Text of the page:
My issue kind of hits multiple topics, but the main question is about performance. I think you need to understand the background a little bit to be able to help me. So I will firstly define the problem and my solutions to it and place the questions for you to the end of this message.
I have a table of observations of objects on the sky. The most important columns are the coordinates (x,y). All other columns in there are just additional information about the observation. The problem is that when I take an image of the same object on the sky twice, the coordinates x,y won’t be the same, they will be only close to each other. My task is to generate a common identifier to all of the observations of the same object and assign the observations to it (N:1 relation). The criterium is that all of the observations which are within 1 arcsec of this identifier are considered as the same object. I keep the identifiers in a separate table (objcat) and have a foreign key in the observations table.
The reason why I solve the performance issues here is that the table of observations has atm cca 3e8 rows after 1.5 year of gathering the data. The number growth is linear.
I’m trying to keep the whole algoritm in DB if possible because I have a good PostgreSQL plugin Q3C for indexing the coordinates of the objects on the sky (https://code.google.com/p/q3c/source/browse/README.q3c). It also has quite a few stored procedures to look in that table for near neighbors which is what I’m doing. The function q3c_join(x1, x2, y1, y2, radius) returns true if the object y is within radius of the object x. It simply generates a list of index bitmap or queries with the operators <=, >= which define the position on sky. Asking for the nearest neighbors are then only index scans.
After lot of experimentation with clustering the objects and trying to process them all together in one “silver-bullet” SQL query I decided to use some more simple approach. The main problem with the “process all at once approach” is that the finding neighbours for each observation is in definition quadratic and for 3e8 rows just runs out of disk space (~TBs of memory for the temporary results).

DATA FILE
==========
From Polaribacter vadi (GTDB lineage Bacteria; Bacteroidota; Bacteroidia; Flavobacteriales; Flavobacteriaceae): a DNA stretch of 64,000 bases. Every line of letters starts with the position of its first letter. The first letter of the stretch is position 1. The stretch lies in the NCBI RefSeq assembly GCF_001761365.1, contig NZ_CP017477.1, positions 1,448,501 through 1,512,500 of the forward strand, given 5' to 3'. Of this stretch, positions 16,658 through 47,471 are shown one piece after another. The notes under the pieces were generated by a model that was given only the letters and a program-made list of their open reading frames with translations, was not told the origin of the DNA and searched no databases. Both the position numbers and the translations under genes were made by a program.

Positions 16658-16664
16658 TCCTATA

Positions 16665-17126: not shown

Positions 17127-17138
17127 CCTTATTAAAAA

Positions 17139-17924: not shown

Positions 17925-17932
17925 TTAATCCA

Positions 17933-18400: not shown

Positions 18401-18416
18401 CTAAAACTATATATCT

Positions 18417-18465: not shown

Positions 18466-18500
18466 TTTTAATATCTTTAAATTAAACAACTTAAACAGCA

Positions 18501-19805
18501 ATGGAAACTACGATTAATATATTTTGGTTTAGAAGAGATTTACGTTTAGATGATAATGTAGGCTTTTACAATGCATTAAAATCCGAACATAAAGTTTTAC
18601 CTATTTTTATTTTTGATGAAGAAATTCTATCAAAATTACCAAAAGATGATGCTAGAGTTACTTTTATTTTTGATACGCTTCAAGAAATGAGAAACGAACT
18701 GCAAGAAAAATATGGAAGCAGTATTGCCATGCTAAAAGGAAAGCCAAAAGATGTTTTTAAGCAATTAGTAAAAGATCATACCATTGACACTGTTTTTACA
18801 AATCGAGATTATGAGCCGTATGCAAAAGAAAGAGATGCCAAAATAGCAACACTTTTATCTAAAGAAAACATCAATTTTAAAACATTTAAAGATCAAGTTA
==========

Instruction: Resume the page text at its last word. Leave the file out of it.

The simplest approach I could think of is that I process each row of the 3e8 rows sequentially and ask:
Do I have an identifier in the radius of 1 arcsec?
No: Generate one and assign me to it.
Yes: Update it and assigne me to it. The update is done as weighted average – I keep the number of how many observations the identifier has been computed. The result is that the identifier will have average coordinates of all the observations it identifies – it will be the center.
So here I come with my procedure. It has 3 params. The first two are range of oids to list in the table. Used for scaling and parallelization of the algorithm. The third is the radius in which to search for the neighbours.
DROP TYPE IF EXISTS coords;
CREATE TYPE coords AS (
raj2000 double precision,
dej2000 double precision
DROP FUNCTION IF EXISTS build_catalog(int,int,double precision);
CREATE OR REPLACE FUNCTION build_catalog (fromOID int, toOID int, radius double precision)
RETURNS VOID AS $$
cur1 CURSOR FOR
\schema.observation AS obs
obs.oid >= fromOID
obs.oid < toOID;
curr_raj2000 double precision;
curr_dej2000 double precision;
/*SELECT current_setting('transaction_isolation') into tmp;
raise notice 'Isolation level %', tmp;*/
LOCK TABLE \schema.objcat IN SHARE ROW EXCLUSIVE MODE;
FETCH cur1 INTO curr_raj2000, curr_dej2000;
EXIT WHEN NOT found;
(raj2000 * weight + curr_raj2000) / (weight + 1),
(dej2000 * weight + curr_dej2000) / (weight + 1)
raj2000 = (raj2000 * weight + curr_raj2000) / (weight + 1),
dej2000 = (dej2000 * weight + curr_dej2000) / (weight + 1),
(ipix_cat, raj2000, dej2000, weight)
WHERE NOT EXISTS
(SELECT * FROM upsert)
id_cat = (SELECT DISTINCT
WHERE id_cat IS NOT NULL
WHERE CURRENT OF cur1;
IF ((cnt % 100000 ) = 0) THEN
RAISE NOTICE 'Processed % entries', cnt;
$$ LANGUAGE plpgsql;
Results: When I run the query only once (1 client thread), it runs cca 1 mil rows per hour. Which is days for the whole dataset. When I run it in parallel with that lock to ensure pessimistic synchronization, it runs sequentially too J the other threads just waiting. When I delete that lock and hope to solve the resulting conflicts later, the ssd disk serves up to 4 threads relatively effectively – which can divide my days of time by 4 – still inacceptable.
The reason is quite clear here – I’m trying to write something in one cycle of the script to a table – then in the following cycle I need to read that information.
Questions for you:
1. The first question is if you can think of a better way how to do this and maybe if SQL is even capable of doing such thing – or do I have to do it in C? Would rewriting the SQL function to C help?
2. Could I somehow bend the commiting during the algorithm for my thing? Ensure that inside one cycle, the whole part of the identifiers table would be kept in memory for faster lookups?
3. Why is this so slow? J It is comparable to the quadratic algorithm in the terms of speed – only does not use any memory.
I tried to sum this up the best I could – for more information please don’t hesitate to contact me.
Thank you very much for even reading this far.